Learn more by visiting our Youth Suicide Prevention Projects webpage


CDPH Suicide Prevention Data-Related Resources

The CDPH OSP produced and released several suicide and self-harm data resources and reports, which can be found on CDPH’s Suicide Prevention webpage. Listed below are titles and links to those recently published reports:


Resources to Support Promotion of Suicide Prevention Awareness Month

Know the Signs Campaign 

Suicide Prevention Week (September 4 - 10, 2023) and World Suicide Prevention Day (September 10th, 2023) are quickly approaching! This is a time when individuals and organizations around the country and the world join their voices to broadcast the message that everyone can take action for suicide prevention and to remember loved ones lost to suicide. Every person and organization in California can play a role in suicide prevention by knowing the signs of suicide, finding the words to support a friend or family member, and by reaching out to and promoting local and national resources. 

During Suicide Prevention Week and beyond, Californians are encouraged to take action for suicide prevention by recognizing the importance of strengthening resiliency, protective factors, and physical and emotional wellness throughout the lifespan and at difference life stages. We all have a role to play in suicide prevention. There are actions you can take right now to support yourself and those around you: 

  • To get started with your Suicide Prevention Week and World Suicide Prevention day planning, view and utilize the Annual Suicide Prevention Week Activation Kit which provides individuals, organizations, and communities with activities, posters, proclamation templates, social media posts and more. 
  • Together we can Be There by knowing the signs for suicide, finding the words to check-in with someone we are concerned about, and reaching out to resources. Visit for more information. 
  • Together we can Be There by checking-in with ourselves and others, learning more, and getting support when needed. Visit for more information. 
  • Complete one of the journal prompts, coloring pages, self-care practices, or breathing techniques in the Take Action for Mental Health Wellness Notebook and/or the Student Mental Wellness Thrival Journal and share copies with colleagues, friends, and family members.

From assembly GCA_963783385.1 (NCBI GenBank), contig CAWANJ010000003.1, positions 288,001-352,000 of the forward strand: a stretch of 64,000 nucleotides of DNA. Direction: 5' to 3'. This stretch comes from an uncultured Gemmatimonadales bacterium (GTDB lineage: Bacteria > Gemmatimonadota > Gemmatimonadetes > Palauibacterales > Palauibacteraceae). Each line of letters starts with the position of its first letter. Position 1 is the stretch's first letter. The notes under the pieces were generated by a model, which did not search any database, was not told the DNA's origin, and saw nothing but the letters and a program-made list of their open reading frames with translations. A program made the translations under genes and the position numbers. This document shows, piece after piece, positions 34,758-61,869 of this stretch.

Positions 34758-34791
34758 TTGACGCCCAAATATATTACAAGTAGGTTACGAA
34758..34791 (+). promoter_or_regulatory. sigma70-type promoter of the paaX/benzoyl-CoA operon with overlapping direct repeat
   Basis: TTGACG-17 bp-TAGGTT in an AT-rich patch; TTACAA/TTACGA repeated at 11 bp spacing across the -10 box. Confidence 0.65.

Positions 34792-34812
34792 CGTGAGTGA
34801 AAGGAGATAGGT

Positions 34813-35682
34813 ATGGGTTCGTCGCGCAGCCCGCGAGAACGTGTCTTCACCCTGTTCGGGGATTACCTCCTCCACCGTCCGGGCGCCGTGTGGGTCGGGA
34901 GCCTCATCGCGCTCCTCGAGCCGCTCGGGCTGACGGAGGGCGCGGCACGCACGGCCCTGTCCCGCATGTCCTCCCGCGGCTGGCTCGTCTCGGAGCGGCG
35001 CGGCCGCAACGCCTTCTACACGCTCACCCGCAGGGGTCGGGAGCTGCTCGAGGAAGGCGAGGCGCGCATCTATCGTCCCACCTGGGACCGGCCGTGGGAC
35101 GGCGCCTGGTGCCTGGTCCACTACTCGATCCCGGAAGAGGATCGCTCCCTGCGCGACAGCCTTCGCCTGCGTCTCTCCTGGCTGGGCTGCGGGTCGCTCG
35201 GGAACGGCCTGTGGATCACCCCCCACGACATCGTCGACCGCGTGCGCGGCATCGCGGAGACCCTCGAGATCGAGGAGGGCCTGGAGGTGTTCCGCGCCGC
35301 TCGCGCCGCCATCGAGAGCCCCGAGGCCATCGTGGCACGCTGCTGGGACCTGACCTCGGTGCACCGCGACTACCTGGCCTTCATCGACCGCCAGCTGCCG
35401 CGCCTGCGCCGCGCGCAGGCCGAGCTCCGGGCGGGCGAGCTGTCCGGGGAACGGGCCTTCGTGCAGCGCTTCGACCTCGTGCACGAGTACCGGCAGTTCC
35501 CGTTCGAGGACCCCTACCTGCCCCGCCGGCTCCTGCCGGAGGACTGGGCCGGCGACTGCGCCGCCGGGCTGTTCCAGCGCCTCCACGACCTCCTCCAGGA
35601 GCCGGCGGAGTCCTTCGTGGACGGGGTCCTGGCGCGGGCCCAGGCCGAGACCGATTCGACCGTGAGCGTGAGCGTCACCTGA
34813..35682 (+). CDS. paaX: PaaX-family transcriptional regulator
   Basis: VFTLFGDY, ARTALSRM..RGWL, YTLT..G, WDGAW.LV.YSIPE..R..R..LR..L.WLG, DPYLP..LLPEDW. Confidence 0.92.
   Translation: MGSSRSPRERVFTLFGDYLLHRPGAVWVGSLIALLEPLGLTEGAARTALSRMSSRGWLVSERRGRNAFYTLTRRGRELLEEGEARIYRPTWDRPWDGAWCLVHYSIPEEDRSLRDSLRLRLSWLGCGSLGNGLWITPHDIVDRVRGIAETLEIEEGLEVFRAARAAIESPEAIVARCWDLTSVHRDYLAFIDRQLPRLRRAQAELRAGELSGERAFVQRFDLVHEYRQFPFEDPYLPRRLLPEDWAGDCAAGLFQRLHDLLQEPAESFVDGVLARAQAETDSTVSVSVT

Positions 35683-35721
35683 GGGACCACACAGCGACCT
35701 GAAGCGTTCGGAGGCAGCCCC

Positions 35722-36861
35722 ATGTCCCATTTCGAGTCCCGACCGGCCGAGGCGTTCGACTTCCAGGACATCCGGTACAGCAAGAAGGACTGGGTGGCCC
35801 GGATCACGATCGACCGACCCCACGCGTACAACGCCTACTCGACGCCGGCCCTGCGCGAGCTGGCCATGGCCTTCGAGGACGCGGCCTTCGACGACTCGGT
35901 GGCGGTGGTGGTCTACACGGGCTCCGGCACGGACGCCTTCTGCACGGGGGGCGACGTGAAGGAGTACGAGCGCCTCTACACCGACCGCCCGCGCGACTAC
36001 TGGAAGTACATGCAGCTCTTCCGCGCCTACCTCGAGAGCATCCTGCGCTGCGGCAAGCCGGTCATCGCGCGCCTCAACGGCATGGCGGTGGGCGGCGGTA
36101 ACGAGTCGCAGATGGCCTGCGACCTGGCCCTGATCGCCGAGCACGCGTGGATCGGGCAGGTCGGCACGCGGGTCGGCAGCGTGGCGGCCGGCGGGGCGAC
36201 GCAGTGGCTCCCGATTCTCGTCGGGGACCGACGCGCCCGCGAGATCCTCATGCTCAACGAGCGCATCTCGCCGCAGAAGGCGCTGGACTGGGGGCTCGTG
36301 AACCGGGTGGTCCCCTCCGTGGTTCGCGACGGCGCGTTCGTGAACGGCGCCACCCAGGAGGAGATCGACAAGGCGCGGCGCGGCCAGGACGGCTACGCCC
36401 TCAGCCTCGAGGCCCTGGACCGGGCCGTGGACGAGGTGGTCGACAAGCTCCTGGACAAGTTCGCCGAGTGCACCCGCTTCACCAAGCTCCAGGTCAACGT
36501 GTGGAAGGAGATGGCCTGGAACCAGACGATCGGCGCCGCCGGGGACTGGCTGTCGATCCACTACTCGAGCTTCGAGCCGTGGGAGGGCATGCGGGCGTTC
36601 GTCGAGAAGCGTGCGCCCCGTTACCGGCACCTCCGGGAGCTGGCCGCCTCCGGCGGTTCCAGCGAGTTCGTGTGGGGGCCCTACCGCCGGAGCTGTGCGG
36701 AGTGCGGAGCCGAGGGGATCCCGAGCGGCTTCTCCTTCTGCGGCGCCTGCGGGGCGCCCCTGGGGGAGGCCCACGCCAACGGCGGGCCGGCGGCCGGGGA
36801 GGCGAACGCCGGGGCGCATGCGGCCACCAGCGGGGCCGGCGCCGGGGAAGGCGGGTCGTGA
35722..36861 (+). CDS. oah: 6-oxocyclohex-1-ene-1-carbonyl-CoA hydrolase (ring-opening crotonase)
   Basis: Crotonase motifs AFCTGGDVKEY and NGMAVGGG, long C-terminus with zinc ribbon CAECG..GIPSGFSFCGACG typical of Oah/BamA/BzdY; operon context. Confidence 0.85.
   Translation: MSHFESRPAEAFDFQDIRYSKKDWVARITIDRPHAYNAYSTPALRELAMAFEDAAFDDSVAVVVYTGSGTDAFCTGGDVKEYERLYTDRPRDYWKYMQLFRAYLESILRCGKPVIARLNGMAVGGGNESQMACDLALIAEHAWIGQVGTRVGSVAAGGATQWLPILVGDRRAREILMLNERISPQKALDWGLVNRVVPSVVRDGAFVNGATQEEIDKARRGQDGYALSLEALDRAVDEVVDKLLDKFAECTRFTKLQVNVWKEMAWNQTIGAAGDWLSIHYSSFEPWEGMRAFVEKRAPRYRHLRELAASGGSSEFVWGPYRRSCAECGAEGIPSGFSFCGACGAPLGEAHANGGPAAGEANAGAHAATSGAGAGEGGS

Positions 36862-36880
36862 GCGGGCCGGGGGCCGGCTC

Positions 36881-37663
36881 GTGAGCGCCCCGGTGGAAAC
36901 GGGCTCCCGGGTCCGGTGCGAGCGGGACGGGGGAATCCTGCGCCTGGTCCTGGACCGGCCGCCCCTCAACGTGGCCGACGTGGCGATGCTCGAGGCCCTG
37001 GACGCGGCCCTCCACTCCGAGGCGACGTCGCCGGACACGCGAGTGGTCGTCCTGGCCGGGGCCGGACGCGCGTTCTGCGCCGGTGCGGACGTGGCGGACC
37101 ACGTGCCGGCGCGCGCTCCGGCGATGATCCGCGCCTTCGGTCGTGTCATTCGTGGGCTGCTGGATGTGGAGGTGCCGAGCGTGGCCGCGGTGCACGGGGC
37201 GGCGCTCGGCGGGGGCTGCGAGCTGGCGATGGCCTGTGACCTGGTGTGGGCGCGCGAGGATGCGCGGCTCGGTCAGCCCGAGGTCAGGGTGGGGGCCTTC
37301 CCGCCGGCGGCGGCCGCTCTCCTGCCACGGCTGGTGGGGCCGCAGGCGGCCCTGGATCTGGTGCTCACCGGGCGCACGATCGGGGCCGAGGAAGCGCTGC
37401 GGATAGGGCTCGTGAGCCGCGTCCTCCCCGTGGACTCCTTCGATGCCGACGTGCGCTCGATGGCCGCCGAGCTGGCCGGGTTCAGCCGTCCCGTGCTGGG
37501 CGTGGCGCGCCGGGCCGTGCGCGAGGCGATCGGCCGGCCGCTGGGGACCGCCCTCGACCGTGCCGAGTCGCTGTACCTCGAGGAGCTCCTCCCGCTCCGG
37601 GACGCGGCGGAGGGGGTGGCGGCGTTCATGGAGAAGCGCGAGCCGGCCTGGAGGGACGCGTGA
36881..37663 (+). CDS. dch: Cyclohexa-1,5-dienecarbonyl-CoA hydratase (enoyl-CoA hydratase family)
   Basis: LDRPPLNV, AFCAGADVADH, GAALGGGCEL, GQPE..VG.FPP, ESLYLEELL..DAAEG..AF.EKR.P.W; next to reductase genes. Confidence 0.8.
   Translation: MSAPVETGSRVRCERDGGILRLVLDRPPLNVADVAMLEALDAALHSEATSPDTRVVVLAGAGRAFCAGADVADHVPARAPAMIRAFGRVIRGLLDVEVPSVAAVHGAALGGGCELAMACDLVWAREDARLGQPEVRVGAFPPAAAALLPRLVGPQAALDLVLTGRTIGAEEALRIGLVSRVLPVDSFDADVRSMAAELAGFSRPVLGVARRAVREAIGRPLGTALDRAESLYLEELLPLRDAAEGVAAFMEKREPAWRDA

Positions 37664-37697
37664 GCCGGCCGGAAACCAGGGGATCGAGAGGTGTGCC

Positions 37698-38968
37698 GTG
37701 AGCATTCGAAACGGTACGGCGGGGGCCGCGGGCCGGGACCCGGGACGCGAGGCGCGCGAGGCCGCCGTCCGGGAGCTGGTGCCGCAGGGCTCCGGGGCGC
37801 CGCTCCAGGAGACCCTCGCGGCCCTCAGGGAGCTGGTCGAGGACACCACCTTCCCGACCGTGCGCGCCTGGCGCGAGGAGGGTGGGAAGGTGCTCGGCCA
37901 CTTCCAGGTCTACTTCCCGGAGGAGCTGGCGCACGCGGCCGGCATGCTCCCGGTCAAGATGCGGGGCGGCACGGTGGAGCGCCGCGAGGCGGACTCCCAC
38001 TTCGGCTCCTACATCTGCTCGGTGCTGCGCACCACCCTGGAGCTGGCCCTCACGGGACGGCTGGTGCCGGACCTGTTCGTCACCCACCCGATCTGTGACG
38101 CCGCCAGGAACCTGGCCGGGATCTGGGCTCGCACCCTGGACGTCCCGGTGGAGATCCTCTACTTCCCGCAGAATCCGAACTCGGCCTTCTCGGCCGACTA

• Connect with thousands throughout the country during Suicide Prevention Week online by using the hashtags #SuicidePrevention #BeThere. 
  • Learn about how to protect those who are in crisis by practicing lethal means safety, visit  

988 Suicide and Crisis Lifeline  

988 has been designated as the three-digit dialing code that will route callers to the National Suicide Prevention Lifeline (now known as the 988 Suicide & Crisis Lifeline) and is active across the United States. 

When people call, text, or chat 988, they will be connected to trained counselors that are part of the existing Lifeline network. These trained counselors will listen, understand how their problems are affecting them, provide support, and connect them to resources if necessary. 

What is 988? The 988 Suicide & Crisis Lifeline offers 24/7 call, text and chat access to trained crisis counselors who can help people experiencing suicidal, substance use, and/or mental health crisis, or any other kind of emotional distress. People can also dial 988 if they are worried about a loved one who may need crisis support. 

We can all help prevent suicide. The Lifeline provides 24/7, free and confidential support for people in distress, prevention and crisis resources for you or your loved ones, and best practices for professionals in the United States. 

988 Social Media Shareables – 988 social media shareables were designed for use as social media posts, stories and threads. You can use the full videos as individual interactives on the social media platforms, or you can use the mix and match videos together to create your own versions that make sense for your audiences. 

Call or Text 988 

Chat at

Suicide Prevention Resource Center 

Suicide Prevention Resource Center provides tips on how to take action to help prevent suicide in your community, such as learning about effective suicide prevention, sharing stories of hope, and empowering everyone to be there for those in distress. 


Additional Resources To Explore

American Foundation for Suicide Prevention


Mental Health America

National Action Alliance for Suicide Prevention

Now Matters Now

Substance Abuse and Mental Health Services Administration (SAHMSA)

The Jed Foundation

The Mental Health Coalition

The Trevor Project


Additional Events In September

In recognition of National Suicide Prevention Awareness Month, the National Institute of Mental Health (NIMH) is hosting a Facebook Live event on youth suicide prevention on September 19. Suicide is a leading cause of death among young people in the U.S. During the event, NIMH experts Drs. Lisa M. Horowitz and Stephen O’Connor will lead a discussion on how to talk to youth about suicide risk, how to identify the warning signs of suicide, risk factors for suicide, and NIMH-supported research on interventions for youth suicide prevention. Learn more! . #SPM23 #suicideprevention